An investigation by the Canadian Broadcasting Corporation (CBC) has uncovered a $250-million mystery at the heart of Canada’s ambitious shipbuilding program.
Canadian Public Works Minister Rona Ambrose and Defence Minister Peter MacKay announced March 7 in Halifax that Ottawa will pay Irving Shipbuilding $288 million just to design -- not build -- a fleet of new Arctic offshore patrol ships. Irving will then build the ships under a separate contract.
However, a survey of similar patrol ships bought by other countries shows they paid a fraction of that $288 million to actually build the ships -- and paid less than a tenth as much for the design.
In addition, the design of Canada’s new ships is based upon a Norwegian vessel whose design Ottawa has already bought for just $5 million.
The Norwegian ship, the Svalbard, was designed and built for less than $100 million in 2002. Experts say the design price is normally 10 to 20 percent of the total cost of the ships.
Another country with Arctic interests, Denmark, acquired two patrol ships for $105 million in 2007. They have modest ice-breaking capability, similar to the Canadian project, which allows for the ships to crunch through “summer ice” -- about three-feet thick.
The Irish navy now is building two offshore patrol ships for $125 million.
In all cases, these prices include the design.
Irving Shipbuilding will manage the design project in the Atlantic Canadian province of Nova Scotia but production of the final blueprints have been subcontracted to architects in Denmark.
Why is Canada paying more?
Ambrose, MacKay and Public Works officials running the Canadian project were not able to explain why Canada would pay so much more to get so much less: shelling out more than twice as much merely to produce a blueprint for similar ships, without building any.
In an interview, Ambrose referred the CBC to her officials for details. But those officials, in a prepared briefing for CBC News, said they were unable to provide details on where, exactly, the $288 million is going. CBC News also asked MacKay to explain why Canada would pay Irving 10 times as much for the design as other shipyards say it should cost.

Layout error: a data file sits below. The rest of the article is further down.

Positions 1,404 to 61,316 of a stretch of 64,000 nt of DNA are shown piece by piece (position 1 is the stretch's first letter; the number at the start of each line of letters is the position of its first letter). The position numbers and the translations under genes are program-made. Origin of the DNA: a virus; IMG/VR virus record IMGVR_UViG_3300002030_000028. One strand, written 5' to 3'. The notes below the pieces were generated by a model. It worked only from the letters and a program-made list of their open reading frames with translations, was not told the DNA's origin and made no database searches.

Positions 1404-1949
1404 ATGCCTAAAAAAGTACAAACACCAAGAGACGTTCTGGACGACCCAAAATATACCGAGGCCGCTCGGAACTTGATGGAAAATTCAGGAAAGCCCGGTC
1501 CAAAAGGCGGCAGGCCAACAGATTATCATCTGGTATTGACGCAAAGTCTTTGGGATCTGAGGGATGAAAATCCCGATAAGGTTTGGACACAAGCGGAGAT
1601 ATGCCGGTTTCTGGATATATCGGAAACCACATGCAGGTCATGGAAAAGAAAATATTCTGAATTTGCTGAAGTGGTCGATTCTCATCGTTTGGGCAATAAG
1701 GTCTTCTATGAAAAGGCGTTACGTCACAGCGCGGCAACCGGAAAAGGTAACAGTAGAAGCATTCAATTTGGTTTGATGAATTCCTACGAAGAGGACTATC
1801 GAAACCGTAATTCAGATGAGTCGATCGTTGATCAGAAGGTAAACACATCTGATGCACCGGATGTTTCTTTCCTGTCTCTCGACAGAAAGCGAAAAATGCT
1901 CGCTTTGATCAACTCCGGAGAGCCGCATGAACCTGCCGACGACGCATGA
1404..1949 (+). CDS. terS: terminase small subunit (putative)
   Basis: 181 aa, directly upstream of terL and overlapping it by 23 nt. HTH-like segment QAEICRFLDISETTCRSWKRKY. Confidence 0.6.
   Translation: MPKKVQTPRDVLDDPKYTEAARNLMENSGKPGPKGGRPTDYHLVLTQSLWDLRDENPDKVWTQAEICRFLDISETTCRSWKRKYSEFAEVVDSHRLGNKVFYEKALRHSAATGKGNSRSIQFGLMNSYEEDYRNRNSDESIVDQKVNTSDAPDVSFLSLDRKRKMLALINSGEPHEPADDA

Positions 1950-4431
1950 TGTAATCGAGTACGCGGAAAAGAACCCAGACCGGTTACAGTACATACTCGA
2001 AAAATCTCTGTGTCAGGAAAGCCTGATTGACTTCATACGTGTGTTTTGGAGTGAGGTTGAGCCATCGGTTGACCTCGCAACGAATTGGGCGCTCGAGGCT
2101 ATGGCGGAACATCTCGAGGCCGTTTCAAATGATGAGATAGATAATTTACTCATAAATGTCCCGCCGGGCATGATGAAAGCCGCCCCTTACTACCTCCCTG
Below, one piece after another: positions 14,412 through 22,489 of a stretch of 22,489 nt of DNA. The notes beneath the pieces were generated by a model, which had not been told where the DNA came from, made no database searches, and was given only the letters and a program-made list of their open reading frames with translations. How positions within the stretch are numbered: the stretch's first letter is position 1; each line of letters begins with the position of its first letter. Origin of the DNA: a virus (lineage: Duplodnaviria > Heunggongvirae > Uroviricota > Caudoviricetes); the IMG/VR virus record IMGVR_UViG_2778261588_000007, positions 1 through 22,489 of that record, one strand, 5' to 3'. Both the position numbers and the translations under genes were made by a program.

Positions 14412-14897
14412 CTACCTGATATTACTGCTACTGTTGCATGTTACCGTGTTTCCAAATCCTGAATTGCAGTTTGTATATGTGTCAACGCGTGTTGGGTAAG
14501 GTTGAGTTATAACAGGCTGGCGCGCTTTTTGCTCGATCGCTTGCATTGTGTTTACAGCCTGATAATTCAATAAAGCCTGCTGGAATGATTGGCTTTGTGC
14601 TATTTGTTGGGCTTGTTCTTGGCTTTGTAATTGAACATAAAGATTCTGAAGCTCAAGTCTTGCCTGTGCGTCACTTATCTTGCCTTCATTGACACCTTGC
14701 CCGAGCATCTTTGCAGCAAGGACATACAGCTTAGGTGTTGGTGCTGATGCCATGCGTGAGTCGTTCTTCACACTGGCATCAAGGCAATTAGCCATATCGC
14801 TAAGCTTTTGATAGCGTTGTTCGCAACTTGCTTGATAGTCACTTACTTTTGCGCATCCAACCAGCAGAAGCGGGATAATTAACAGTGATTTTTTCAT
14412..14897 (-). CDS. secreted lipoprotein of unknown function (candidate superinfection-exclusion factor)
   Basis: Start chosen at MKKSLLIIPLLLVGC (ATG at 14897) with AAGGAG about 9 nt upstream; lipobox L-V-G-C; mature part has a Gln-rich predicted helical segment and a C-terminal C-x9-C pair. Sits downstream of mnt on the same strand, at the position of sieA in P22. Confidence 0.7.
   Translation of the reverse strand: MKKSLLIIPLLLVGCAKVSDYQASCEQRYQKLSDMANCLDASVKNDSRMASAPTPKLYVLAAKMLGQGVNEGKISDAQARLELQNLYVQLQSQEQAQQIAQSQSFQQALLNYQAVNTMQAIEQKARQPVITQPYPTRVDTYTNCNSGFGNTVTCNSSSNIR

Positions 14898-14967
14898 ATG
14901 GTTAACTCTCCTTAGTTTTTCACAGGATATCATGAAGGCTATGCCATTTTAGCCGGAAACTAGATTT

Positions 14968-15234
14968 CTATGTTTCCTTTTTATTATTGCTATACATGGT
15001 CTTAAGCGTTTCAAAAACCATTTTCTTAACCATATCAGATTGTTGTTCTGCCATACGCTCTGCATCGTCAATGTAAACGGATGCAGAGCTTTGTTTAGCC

MacKay replied “other shipyards are wrong,” and left it at that.
The shipbuilding program has been portrayed by the Harper government as a model of transparency and rigour, in contrast to the ill-fated commitment to buy F-35 jet fighters.
The ship plan has its origins in a 2005 pledge by then opposition leader Stephen Harper that a Conservative government would build three Arctic icebreakers to assert Canadian sovereignty in the north.
In 2007, as prime minister, Harper scaled that back. He pledged instead to build six to eight smaller Arctic offshore patrol ships at a price of $3.1 billion.
Critics dubbed the ships “slush-breakers,” but Harper insisted that Canada’s stake in the Arctic meant “use it or lose it.”
Still, the project encountered many delays, which experts blame on the fact that Canada’s shipyards have been in decline for 30 years. They say that recreating a world-class shipbuilding capability, instead of buying ships from foreign builders, is expensive.
The size of the Irving design contract is “inexplicable,” according to a senior shipbuilding source, who declined to be identified because his company also does business with the government.
He said the design cost is “obviously vastly higher” than is the case in similar projects overseas.
The government’s shipbuilding strategy, he said, “is going badly wrong … [it] will be much more expensive than the F-35 acquisition. It has the potential to be an even bigger fiasco.”